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Handling Propaganda, Gaining Market Share Printable Version PRINTABLE VERSION
by Adeshola, Nigeria Apr 16, 2007
Technology   Opinions
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The cutthroat nature of business today springs from the claustrophobic attitude of new generation companies. While it is no admirable thing to allow your competition box you into a tight corner, it is no crime either to break into new markets. Sadly, however, the cost of breaking into new markets and developing these markets to produce enough profits to justify marketing effort, is frightfully large. Most businesses will rather contest for the already congested turf of metropolitan cities like Lagos, Abuja, and Port Harcourt than explore new frontiers. The result? Long queues of casualties pile up in business clinics, seeking the prescription of consultants to help regain their lost markets and/or customers.

The high cost of regaining lost customers and market share is a mystery that eludes many business owners, who, themselves, have fallen victim of the turf war. The rate at which products are being churned out by companies leaves most organizations breathless in the bid to catch up with the challenge.

The Re-brand Trend

The re-brand trend is the catch now and most organizations are re-introducing their products under some new names, others, under some new packaging, as a strategy for fighting competition. The food and beverage companies have, perhaps, the largest number of these re-introductions. The consequence of these has been the loss of market share by some organization to other more innovative ones.


The good news here is that even if you lost out in the product or market war, you can still win your lost customers and regain your market share. But first your willingness to remain in the market is very key.

Winning The Battle

To win the battle, first, enthusiasm must be sustained. The amount of innovation you are ready and willing to deploy is another important element in regaining your market. Please note that a market hardly remains the same after some major organizations drop out of competition.

Role Of Propaganda

By far the most destructive dimension in today’s business competition is the use of propaganda by companies against each other. Some banks in the banking sector have fallen victim of this propaganda, resulting in panic that almost folded up their operations. The food industry has in the past has also had its fair share of propaganda. Since perception is the strongest element in the psychology of choice, it is not surprising that the change in customer perception becomes the first step to abandoning a brand.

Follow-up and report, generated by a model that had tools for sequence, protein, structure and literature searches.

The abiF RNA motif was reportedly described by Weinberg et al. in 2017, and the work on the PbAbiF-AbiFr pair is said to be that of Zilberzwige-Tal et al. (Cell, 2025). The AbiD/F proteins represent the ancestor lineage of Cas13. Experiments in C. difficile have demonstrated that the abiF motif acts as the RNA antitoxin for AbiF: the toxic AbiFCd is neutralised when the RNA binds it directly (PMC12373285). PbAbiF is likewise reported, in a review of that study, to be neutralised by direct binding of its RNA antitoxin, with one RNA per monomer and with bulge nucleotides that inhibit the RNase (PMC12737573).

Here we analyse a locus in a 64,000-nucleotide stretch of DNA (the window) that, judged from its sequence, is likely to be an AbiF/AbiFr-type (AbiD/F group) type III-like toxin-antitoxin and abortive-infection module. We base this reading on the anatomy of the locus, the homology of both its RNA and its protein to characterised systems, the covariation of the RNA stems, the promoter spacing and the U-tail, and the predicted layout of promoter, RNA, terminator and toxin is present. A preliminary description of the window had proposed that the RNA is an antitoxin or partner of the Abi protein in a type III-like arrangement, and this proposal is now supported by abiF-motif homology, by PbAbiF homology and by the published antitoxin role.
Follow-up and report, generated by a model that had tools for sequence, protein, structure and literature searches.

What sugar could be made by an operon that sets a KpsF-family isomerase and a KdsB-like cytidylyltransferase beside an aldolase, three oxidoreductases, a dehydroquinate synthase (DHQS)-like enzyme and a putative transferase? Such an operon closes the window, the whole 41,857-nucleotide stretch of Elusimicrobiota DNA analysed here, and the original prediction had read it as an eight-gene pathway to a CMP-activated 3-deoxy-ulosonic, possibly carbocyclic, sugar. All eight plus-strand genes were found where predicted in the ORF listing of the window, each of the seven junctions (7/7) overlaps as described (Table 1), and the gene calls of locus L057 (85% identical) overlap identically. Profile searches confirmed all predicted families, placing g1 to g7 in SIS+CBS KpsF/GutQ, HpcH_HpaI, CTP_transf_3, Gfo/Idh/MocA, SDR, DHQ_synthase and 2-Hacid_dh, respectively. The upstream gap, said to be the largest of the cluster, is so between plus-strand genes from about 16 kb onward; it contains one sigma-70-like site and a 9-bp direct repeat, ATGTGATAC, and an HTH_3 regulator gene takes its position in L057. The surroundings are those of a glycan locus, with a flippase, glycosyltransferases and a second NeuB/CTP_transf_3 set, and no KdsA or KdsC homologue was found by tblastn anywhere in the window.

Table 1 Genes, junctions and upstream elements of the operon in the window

: Market Re-assessment

Market entry strategies are largely different from market re-entry strategy. The size, nature and structure of markets are very different yet they remain very important points for consideration. Markets are, basically, of two broad types: Competitive and non-competitive markets. Like we said, a market hardly remains the way you left it. Almost like a living being, the market is capable of re-locating demand among the remaining organizations, using price difference, among other considerations. Take into consideration the fact your customers have probably switched to a supposedly better substitute which offers a cheaper price. In reassessing and recovering your market therefore, those customer comes first. Ask yourself the big question:What value do these customers attach to the purchase they make from me? What warranted their switch?

Perception Is Everything

A stimulus generates a response called sensation in every human being. It is the interpretation of this sensation that is referred to as perception. Once this perception changes negatively, sustaining a customer becomes a big problem. Several factors determine the way we respond to external stimuli we get from adverts promotions and other marketing efforts. The background of the respondents, the preconceived notions about the product and its industry are part of these factors. So are people’s expectation and their general prejudices. They all affect the way we interpret our external sensation. Sometimes there is a miss-match between the perception intended by the marketer and that which is actually received by the people it is directed at. Aside from the fact that customers often choose what they want to see, hear or believe, adverts are generally received with mixed reactions and no single advert can win the admiration of all customers.

What To Do

Certain notions are commonly held by people about certain products which the manufacturing organization ought to work on. A strong guarantee is often needed to assure intending customers. Customers will always recall how a mistake in, say a food product company, had damaging effect on its customers. An organization facing a threat or propaganda of this nature we emphasize again, must employ the use of strong guarantees. Strong guarantees serve to allay hidden fears while boosting your products acceptance in the market. The strong guarantees that customers consuming a certain food product (reputed to have food poisoning effect) could have their hospital bills catered for by the erring company can be a good perception point. It must however go further into the use of serious word-of-mouth marketing. Propaganda that relies on word-of-mouth distribution can only be combated with word- of -mouth efforts.

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Adeshola Komolafe
Email: adesholakomolafe@yahoo.com
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